[10].Paltre v. General Motors Corp., 26 A.D. 3d 481, 810 N.Y.S. 2d 496 ( 2d Dept. 2006 ).

[11]. Rudgayzer & Gratt v. Cape Canaveral Tours & Travel, Inc., 22 A.D. 3d 148, 799 N.Y.S. 2d 795 ( 2d Dept. 2005 ).

[12]. Giovanniello v. Carolina Wholesale Office Machine Co., 29 A.D. 3d 737, 815 N.Y.S. 2d 248 ( 2d Dept. 2006 ).

[13].Rudgayzer & Gratt v. Cape Canaveral Tours & Travel, Inc., 22 A.D. 3d 148, 799 N.Y.S. 2d 795 ( 2d Dept. 2005 ).

[14]. Leyse v. Flagship Capital Services Corp., 22 A.D. 3d 426, 803 N.Y.S. 2d 52 ( 1st Dept. 2005 ).

[15].Ganci v. Cape Canaveral Tour & Travel, Inc., 21 A.D. 3d 399, 799 N.Y.S. 2d 737 ( 2d Dept. 2005 ).

[16]. Weber v. Rainbow Software, Inc., 21 A.D. 3d 411, 799 N.Y.S. 2d 428 ( 2d Dept. 2005 ).

[17]. Bonime v. Discount Funding Associates, Inc., 21 A.D. 3d 393, 799 N.Y.S. 2d 418 ( 2d Dept. 2005 ).

[18]. Morales v. Copy Right, Inc., 28 A.D. 3d 440, 813 N.Y.S. 2d 731 ( 2d Dept. 2006 ).

[19]. State v. Philip Morris, Inc., 30 A.D. 3d 26, 813 N.Y.S. 2d 71 ( 1st Dept. 2006 ).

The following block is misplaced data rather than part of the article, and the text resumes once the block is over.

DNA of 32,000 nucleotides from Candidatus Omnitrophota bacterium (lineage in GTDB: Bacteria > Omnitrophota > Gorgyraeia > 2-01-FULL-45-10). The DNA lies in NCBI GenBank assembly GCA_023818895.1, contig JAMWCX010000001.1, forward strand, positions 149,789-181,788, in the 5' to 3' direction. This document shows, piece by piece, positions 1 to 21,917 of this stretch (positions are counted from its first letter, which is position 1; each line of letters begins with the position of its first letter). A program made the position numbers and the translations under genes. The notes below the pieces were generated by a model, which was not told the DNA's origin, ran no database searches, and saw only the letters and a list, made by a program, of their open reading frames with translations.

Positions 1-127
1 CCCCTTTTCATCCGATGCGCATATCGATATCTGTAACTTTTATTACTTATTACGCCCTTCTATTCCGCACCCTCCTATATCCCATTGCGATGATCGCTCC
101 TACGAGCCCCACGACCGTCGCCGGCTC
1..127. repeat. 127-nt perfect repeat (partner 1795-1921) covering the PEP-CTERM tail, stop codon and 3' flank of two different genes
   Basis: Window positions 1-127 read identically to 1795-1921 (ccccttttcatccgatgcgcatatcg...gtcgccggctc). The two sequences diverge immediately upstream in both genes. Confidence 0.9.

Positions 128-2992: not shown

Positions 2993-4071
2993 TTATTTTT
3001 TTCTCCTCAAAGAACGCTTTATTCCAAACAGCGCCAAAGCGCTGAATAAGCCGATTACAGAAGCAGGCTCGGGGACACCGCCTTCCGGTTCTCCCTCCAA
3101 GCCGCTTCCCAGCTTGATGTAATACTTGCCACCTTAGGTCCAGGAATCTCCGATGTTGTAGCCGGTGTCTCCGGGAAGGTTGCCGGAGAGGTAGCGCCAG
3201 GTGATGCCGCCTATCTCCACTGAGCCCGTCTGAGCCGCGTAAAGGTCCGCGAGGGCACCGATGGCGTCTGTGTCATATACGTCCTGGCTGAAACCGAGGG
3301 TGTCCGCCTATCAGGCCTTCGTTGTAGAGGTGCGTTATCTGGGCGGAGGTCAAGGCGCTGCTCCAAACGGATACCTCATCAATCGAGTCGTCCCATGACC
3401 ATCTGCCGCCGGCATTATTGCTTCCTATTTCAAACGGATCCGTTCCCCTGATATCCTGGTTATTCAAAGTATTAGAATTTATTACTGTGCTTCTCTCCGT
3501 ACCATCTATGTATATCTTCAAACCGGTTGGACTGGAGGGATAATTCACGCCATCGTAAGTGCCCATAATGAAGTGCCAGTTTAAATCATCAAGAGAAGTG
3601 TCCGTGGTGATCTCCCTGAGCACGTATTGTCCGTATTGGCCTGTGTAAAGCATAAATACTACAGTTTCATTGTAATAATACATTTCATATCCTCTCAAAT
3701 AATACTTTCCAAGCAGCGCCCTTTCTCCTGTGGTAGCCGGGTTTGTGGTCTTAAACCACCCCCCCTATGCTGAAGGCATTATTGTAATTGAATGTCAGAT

[20]. See N. 3, supra.

[21]. Colbert v. Outdoor World Corporation, Index No: 11140/98, Queens Sup., J. Polizzi ( Notice of Settlement dated July 2006 ).

[22]. NACA, The Consumer Advocate, Vol. 12, October November December 2006, p. 14.

[23]. Notice of Settlement at p. 2.

[24].Notice of Settlement at p. 3.

[25]. Notice of Settlement at p. 4.

[26]. Id.

[27]. Dimich v. Med-Pro, Inc., 34 A.D. 3d 329, 2006 WL 3316086 ( 1st Dept. 2006 ).

[28]. Compare: Collins v. Safeway Stores, 187 Cal. App. 3d 62m 72, 231 Cal. Rptr. 638, 644 ( 1986 )( contaminated eggs ).

[29]. In addition the Court dismissed the plaintiff's individual claims for (1) breach of warranty and negligent misrepresentation because he was not the purchaser of the Lipitor, (2) violations of GBL §349 because of the " remoteness " of the claim and (3) common law fraud because he " may have acted improperly in obtaining the prescription in his wife's name "

[30]. Kings Choice Neckwear, Inc. V. DHL Airways, Inc., New York Law Journal, May 5, 2006, p. 22, col. 1 ( N.Y. Sup. 2006 ).

[31]. Kings Choice Neckwear, Inc. V. DHL Airways, Inc., 2003 WL 22283814 ( S.D.N.Y. 2003 ).

[32].Arroyo v. State of New York, 12 Misc. 3d 1197 ( N.Y. Ct. Cl. 2006 ).

[33]. The Spraypark " consists of over 100 water jets that spontaneously spray water over a hardtop surface ".

[34]. See e.g., Bertoldi v. State of New York, 164 Misc. 2d 581, 625 N.Y.S. 2d 814 ( N.Y. Ct. Cl. 1995 ); Brown v. State of New York, 250 A.D. 2d 314, 681 N.Y.S. 2d 170 ( N.Y. Ct. Cl. 1998 ); St. Paul Fire and Marine Ins. Co. v. State of New York, 99 Misc. 2d 140, 415 N.Y.S. 2d 949 ( N.Y. Ct. Cl. 1979 ).